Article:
A particular receiver might not exactly agree with a diagram. You want the diagram for the Philharmonic Combination. The separate diagram for the FM circuit is generic for the 33 tube FM Philharmonic and 28 tube FM Phantom models. Hope you have all the big covers for all those exposed coils.

Good luck on your  restoration.

.

The 24V transformer seems to be missing from the bottom of my amp, I have those caps and they are being re-chromed, but the chassis I just can't get it done. Your remote is great, but I want to look for the original remote. Fixing it is a big project.



David C. Poland said:

嗨,基米。欢迎来到 Scott Enthusiasts 网站。

你有一个遥控器 FM/AM/SW 爱乐。FM 波段是战前过时的 42 到 50 MC 波段。

有一个内部继电器操作的收音机/唱机开关。所以你需要键盘(或我做的替代品)来操作收音机/唱机开关。键盘很稀缺,配有 20 线扁平电缆和 21 针琼斯插头,以适合后围板上的大插座。战前和战后键盘看起来相同,但接线方式不同。

您的接收器的放大器应该有一个额外的 24 伏降压变压器来为 1) 一个用于转动刻度盘的电机和 2) 另一个用于音量控制的电机供电。我没有看到唱机端子排,所以,您圈出的小圆形 4 针插座可能是唱机输入插座 - 找出来。您可能会发现其中两个引脚也为唱机电机供电,因此如果您能找到合适的插头,请注意如何连接插头。请注意,某些 Scotts 上类似尺寸的插座已连接到频段开关,以控制可选的高音扬声器仅在 FM 上运行。或者您也圈出的 2 刀片插座可能是唱机输入。追踪它。

正确的音量控制锅上有一个双电源开关——一个是主电源开关。第二个是大多数 24 伏电机电路。放大器的 24 伏变压器始终处于“开启”状态,因此键盘可以提高音量控制以打开收音机电源。我的 AM/SW 遥控器 Philharmonic 已插入电源板,因此除非我正在播放收音机,否则收音机实际上是完全断电的。

请记住,在 WW2 之前,Scott 是一个自定义集合构建者,并在收到采购订单后构建每个示例。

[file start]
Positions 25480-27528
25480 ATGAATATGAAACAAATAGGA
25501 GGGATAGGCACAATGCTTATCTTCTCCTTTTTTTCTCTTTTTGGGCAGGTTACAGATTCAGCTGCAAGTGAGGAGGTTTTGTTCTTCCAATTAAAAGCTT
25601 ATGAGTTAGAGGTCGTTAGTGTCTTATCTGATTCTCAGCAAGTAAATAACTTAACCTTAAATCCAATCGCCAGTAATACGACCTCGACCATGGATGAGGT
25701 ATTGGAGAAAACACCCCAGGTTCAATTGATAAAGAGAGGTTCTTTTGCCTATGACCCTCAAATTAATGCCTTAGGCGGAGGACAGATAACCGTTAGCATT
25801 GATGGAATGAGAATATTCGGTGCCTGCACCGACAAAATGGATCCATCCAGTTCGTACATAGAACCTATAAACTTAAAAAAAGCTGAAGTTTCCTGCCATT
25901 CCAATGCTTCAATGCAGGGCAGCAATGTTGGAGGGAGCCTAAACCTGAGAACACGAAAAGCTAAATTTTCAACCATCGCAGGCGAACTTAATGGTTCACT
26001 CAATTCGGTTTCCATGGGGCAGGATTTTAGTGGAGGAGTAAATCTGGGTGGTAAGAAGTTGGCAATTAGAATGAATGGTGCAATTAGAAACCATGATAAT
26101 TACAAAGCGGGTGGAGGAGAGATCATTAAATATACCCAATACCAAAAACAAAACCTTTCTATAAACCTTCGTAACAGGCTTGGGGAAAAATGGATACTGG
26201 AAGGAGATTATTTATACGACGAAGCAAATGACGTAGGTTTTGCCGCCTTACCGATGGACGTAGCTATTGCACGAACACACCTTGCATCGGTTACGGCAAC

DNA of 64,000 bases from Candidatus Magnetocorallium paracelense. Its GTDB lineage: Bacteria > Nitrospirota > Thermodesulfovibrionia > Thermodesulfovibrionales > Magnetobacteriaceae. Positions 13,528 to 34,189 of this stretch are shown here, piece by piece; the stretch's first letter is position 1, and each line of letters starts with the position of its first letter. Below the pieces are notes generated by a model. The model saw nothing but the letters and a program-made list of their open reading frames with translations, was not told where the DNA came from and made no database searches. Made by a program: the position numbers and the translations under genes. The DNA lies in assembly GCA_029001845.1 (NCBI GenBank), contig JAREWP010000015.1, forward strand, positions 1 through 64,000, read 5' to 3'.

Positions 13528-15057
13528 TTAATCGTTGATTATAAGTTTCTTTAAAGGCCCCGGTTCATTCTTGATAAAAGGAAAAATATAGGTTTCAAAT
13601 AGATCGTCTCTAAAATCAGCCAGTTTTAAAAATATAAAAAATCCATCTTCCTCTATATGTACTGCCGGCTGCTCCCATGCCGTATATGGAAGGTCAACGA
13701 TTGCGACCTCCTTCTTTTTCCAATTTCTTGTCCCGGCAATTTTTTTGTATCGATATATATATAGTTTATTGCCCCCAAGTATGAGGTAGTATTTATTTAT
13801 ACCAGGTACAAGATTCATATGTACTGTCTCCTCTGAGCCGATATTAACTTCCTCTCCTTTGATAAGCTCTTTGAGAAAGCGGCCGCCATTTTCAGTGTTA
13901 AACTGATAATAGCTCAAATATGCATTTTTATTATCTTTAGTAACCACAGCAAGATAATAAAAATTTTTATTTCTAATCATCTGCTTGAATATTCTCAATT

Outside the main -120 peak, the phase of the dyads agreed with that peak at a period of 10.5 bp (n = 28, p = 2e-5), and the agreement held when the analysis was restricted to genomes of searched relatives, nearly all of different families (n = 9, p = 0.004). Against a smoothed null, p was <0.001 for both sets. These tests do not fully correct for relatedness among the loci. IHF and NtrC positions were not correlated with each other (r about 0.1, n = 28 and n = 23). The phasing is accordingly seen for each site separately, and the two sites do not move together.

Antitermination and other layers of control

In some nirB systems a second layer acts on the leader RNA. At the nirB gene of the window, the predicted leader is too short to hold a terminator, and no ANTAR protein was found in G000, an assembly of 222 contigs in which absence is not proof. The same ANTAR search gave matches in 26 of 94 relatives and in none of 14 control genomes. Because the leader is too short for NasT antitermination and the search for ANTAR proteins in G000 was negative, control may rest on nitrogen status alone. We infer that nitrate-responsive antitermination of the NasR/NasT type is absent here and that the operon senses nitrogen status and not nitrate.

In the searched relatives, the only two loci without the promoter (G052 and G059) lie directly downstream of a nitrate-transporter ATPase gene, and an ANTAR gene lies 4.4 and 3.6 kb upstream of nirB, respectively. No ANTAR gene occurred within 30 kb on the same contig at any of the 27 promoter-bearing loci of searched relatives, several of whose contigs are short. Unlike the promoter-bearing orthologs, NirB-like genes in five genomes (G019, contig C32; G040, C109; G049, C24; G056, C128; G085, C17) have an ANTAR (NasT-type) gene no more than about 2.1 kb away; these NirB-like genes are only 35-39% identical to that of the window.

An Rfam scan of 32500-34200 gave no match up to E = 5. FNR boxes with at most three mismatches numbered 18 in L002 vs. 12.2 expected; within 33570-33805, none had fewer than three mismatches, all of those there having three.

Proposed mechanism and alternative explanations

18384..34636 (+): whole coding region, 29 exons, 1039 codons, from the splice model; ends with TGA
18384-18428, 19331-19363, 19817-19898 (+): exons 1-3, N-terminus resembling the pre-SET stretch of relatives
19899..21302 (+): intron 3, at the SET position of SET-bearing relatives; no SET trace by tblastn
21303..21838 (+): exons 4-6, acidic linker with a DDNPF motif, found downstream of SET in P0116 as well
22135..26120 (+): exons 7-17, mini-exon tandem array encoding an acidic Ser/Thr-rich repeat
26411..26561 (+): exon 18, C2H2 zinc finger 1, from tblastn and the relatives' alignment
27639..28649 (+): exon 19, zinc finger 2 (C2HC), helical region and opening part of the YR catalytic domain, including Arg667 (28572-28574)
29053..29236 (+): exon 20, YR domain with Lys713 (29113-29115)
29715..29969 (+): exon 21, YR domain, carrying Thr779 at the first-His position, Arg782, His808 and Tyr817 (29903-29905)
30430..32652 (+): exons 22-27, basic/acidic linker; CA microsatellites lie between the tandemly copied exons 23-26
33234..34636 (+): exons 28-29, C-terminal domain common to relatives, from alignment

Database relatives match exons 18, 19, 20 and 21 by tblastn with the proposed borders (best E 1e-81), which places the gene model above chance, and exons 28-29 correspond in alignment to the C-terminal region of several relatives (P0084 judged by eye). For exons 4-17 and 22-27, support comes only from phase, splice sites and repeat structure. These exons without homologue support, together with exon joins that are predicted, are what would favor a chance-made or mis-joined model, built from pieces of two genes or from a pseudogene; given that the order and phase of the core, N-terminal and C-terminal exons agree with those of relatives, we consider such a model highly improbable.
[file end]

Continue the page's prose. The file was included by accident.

特定的接收者可能与图表不完全一致。您需要Philharmonic 组合的图表。FM 电路的单独图表适用于 33 管 FM Philharmonic 和 28 管 FM Phantom 型号。希望你有所有这些暴露线圈的所有大盖。

祝你恢复顺利。

.

I got a remote like this and a 21 pin plug, maybe I can retrofit it : )



David C. Poland said:

嗨,基米。欢迎来到 Scott Enthusiasts 网站。

你有一个遥控器 FM/AM/SW 爱乐。FM 波段是战前过时的 42 到 50 MC 波段。

有一个内部继电器操作的收音机/唱机开关。所以你需要键盘(或我做的替代品)来操作收音机/唱机开关。键盘很稀缺,配有 20 线扁平电缆和 21 针琼斯插头,以适合后围板上的大插座。战前和战后键盘看起来相同,但接线方式不同。

您的接收器的放大器应该有一个额外的 24 伏降压变压器来为 1) 一个用于转动刻度盘的电机和 2) 另一个用于音量控制的电机供电。我没有看到唱机端子排,所以,您圈出的小圆形 4 针插座可能是唱机输入插座 - 找出来。您可能会发现其中两个引脚也为唱机电机供电,因此如果您能找到合适的插头,请注意如何连接插头。请注意,某些 Scotts 上类似尺寸的插座已连接到频段开关,以控制可选的高音扬声器仅在 FM 上运行。或者您也圈出的 2 刀片插座可能是唱机输入。追踪它。

正确的音量控制锅上有一个双电源开关——一个是主电源开关。第二个是大多数 24 伏电机电路。放大器的 24 伏变压器始终处于“开启”状态,因此键盘可以提高音量控制以打开收音机电源。我的 AM/SW 遥控器 Philharmonic 已插入电源板,因此除非我正在播放收音机,否则收音机实际上是完全断电的。

请记住,在 WW2 之前,Scott 是一个自定义集合构建者,并在收到采购订单后构建每个示例。